WWII bomber pi­lot and POW

Los Angeles Times - - CALIFORNIA - Times staff and wire re­ports news.obits@la­times.com

Lt. Col. Robert Hite, one of the Doolit­tle Raiders who bombed Ja­pan in 1942, has died at 95.

Re­tired Lt. Col. Robert Hite, one of the famed World War II Doolit­tle Tokyo Raiders, has died. He was 95 and had Alzheimer’s dis­ease.

Hite died Sun­day at a nurs­ing fa­cil­ity in Nashville, ac­cord­ing to his son Wal­lace Hite.

Hite was among 80 men aboard 16 B-25 bombers whose mission was to strike Ja­pan in April 1942. Although the attack in­flicted only scat­tered dam­age, it was cred­ited with boost­ing Amer­i­can morale while shak­ing Ja­pan’s con­fi­dence and prompt­ing strat­egy shifts less than five months af­ter the Ja­panese attack on Pearl Har­bor.

Eight Raiders were cap­tured and three were ex­e­cuted; one more died in cap­tiv­ity and three oth­ers were killed by crash-land­ing or ditch­ing at sea. Hite, the co-pi­lot of the 16th bomber, was among the Ja­panese cap­tives and was im­pris­oned for 40 months, much of that time in soli­tary con­fine­ment.

He was lib­er­ated by Amer­i­can troops in 1945.

“When he was cap­tured, he was a lit­tle over 6 feet tall and about 175 pounds,” Wal­lace Hite said of his fa­ther in a 2013 in­ter­view with the Arkansas Demo­crat-Gazette. “When he came out, he weighed 76 pounds.”

In 1951, Hite re­turned to ac­tive duty dur­ing the Korean War and was sta­tioned at Vance Air Force Base in Enid, Okla., and in Morocco. He left ac­tive duty in 1955 and man­aged ho­tels in Cam­den, Ark., and else­where.

Hite was born March 3, 1920, in Odell, Texas, and joined the Army Air Corps in Lubbock, Texas, when he was 20.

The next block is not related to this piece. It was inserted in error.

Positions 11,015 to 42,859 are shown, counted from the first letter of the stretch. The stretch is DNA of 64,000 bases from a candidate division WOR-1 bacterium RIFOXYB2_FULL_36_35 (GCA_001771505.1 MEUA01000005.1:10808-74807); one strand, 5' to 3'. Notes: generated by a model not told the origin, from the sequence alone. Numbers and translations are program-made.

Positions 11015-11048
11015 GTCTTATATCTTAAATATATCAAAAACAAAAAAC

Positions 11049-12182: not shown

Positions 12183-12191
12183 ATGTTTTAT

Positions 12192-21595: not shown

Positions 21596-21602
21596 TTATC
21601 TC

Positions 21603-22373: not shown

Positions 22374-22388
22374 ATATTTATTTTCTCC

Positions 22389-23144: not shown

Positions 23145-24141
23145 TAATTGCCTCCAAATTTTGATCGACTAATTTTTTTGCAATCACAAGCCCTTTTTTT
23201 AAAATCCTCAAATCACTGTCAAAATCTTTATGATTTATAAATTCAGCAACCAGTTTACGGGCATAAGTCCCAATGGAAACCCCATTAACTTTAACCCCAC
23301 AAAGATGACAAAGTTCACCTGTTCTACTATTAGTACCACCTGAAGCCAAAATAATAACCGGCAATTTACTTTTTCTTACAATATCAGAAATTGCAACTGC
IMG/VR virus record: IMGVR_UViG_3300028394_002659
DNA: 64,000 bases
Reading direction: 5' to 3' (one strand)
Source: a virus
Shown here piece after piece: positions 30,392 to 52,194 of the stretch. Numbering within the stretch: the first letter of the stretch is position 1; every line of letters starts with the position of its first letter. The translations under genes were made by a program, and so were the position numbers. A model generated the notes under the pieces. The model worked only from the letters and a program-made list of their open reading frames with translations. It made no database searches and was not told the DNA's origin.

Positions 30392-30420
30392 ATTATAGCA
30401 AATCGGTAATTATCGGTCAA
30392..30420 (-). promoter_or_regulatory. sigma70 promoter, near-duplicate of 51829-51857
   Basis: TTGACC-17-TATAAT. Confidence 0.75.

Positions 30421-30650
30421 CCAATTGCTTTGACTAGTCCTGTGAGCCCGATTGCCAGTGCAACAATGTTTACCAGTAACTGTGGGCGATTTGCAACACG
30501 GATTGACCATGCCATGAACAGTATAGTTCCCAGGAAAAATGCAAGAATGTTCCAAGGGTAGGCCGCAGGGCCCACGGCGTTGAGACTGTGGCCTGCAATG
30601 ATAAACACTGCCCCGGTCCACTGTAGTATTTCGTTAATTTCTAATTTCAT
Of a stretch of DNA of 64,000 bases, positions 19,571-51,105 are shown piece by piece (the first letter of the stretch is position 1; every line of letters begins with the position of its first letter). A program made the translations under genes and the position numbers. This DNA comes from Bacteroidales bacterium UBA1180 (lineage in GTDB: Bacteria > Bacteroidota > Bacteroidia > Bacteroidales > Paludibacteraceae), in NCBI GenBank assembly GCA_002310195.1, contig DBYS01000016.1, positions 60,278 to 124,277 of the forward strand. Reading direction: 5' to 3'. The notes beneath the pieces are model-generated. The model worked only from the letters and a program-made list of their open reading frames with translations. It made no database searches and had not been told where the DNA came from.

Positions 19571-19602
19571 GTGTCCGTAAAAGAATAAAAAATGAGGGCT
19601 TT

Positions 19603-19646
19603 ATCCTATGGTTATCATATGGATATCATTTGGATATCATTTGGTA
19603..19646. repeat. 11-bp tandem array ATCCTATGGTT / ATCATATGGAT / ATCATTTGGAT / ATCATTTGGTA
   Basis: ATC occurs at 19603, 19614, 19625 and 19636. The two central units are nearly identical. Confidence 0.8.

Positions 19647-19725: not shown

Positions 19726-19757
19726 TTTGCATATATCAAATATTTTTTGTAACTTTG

Among his dec­o­ra­tions were the Dis­tin­guished Fly­ing Cross and the Pur­ple Heart.

Wal­lace Hite said his fa­ther would want to be re­mem­bered for his pa­tri­o­tism, and for oth­ers to share that sen­ti­ment.

“I think he would want two things: That’s the at­ti­tude we ought to have about our coun­try; and the sec­ond is, he was just do­ing his job,” he said.

Hite’s death leaves two other sur­viv­ing Raiders: re­tired Lt. Col. Richard “Dick” Cole of Texas, who was Doolit­tle’s co-pi­lot, and Staff Sgt. David Thatcher of Mon­tana.

The Raiders will be hon­ored with the Con­gres­sional Gold Medal on April 15 in Wash­ing­ton, then present it on April 18 — the 73rd an­niver­sary of the raid — to the Na­tional Mu­seum of the U.S. Air Force.

The gold medal will go on dis­play at the mu­seum near Dayton, Ohio, join­ing an ex­hibit de­pict­ing the launch of the Raiders’ 1942 attack from an air­craft car­rier.

Be­sides his son Wal­lace, of Nashville, Hite is sur­vived by a daugh­ter, Catherine Lan­ders of Hot Springs Vil­lage, Ark.; five grand­chil­dren, seven great-grand­chil­dren, two great-great­grand­chil­dren; his brother, Ken­neth Hite of Lubbock; and his sis­ter, Hazel Rick­etts of Scotts­dale, Ariz.

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